Photo courtesy Universal Pictures

“Getting old is not for sissies.” – Bette Davis

M. Night Shyamalan movies always have a great concept. It’s in the execution where things get dicey. When he is on top of his game he’s one of the most interesting filmmakers around. When he’s not, well, at least he’s spectacular in his failure.

Shyamalan’s latest venture, “Old,” lands somewhere on the positive side of in between. Based on a French graphic novel (bring me all the existential bleakness!), the movie tells the story of a diverse group of strangers who find themselves trapped on a stunning tropical beach where everyone begins aging rapidly, roughly two years for every hour that passes.

As children become adults over the course of an afternoon, everyone struggles to comprehend and escape their combined and mysterious fate.

At the heart of the movie is the nuclear family of parents Guy (Gael Garcia Bernal) and Prisca (Vicky Krieps) and kids Trent and Maddox (played at various ages by various actors but most effectively as young adults by Alex Wolff and Thomasin McKenzie, respectively). The family’s love for each other holds them together while most of the rest of the group spirals apart.

While most of the time feeling like a fleshed-out version of an average “Twilight Zone” episode, “Old” at least keeps a brisk pace as Shyamalan whisks the camera up and down the beach as the doomed vacationers encounter various catastrophes or bewilderments brought on by their predicament.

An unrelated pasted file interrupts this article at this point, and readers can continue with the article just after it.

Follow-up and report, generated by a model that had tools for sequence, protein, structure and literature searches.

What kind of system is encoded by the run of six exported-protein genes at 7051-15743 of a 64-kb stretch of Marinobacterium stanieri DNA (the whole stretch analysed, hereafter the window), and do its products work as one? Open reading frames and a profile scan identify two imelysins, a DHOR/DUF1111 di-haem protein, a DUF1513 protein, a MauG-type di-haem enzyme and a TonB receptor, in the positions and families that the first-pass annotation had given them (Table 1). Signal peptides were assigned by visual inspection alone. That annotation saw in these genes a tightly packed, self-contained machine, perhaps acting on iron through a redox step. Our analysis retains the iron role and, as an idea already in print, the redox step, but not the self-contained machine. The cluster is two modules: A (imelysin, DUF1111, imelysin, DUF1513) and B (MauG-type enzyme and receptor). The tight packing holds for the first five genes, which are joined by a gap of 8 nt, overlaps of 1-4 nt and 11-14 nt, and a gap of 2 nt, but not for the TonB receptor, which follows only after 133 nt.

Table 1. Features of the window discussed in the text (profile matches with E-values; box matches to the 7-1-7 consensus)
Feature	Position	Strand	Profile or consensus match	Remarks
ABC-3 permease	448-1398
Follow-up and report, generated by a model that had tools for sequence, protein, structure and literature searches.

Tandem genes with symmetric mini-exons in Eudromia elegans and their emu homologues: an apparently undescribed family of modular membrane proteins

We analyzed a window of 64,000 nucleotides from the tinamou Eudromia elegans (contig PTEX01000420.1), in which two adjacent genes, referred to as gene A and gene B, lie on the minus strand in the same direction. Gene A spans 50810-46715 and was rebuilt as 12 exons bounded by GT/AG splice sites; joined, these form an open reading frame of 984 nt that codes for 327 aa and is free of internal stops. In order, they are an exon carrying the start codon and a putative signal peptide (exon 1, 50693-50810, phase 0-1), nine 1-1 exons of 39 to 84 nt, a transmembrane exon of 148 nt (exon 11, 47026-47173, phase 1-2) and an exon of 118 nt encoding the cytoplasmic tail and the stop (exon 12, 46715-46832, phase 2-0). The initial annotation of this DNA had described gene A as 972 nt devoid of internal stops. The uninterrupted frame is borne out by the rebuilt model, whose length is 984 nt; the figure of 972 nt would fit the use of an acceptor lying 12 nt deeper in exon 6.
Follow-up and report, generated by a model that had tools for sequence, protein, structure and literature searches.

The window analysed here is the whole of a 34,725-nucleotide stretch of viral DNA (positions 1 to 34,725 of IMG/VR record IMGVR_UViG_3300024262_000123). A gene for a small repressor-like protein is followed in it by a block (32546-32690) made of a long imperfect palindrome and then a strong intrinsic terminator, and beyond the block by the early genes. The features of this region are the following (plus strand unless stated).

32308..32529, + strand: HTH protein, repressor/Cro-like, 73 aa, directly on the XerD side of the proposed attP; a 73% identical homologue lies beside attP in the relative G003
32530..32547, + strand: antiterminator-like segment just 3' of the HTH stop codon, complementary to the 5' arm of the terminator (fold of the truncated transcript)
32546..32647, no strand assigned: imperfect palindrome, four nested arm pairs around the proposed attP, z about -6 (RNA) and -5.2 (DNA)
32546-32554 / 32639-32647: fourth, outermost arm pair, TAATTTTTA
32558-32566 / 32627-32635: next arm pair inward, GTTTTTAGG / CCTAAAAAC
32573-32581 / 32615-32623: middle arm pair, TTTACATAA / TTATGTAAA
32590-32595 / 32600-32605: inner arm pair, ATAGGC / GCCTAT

“Old” is at its worst in the moments where it tries to be scary, leaning hard into body-horror creep-outs that feel forced at best. The movie shines in the quieter moments when dread and confusion permeate this tropical paradise. There’s also space for characters to experience serenity and even happiness as their lives slip away second by second.

You don’t have to squint to see that “Old” is an allegory for the fleeting nature of life and the movie is certainly ham-fisted at times in trying to drive this point home.  But there’s also a haunting beauty to a movie that is willing to stare directly at mortality and (almost) not blink.

“Old” may not be perfect, but it does give you some interesting things to chew on. There are worse ways to spend two hours of your life.

“Old” is rated PG-13 for strong violence, disturbing images, suggestive content, partial nudity and brief strong language.

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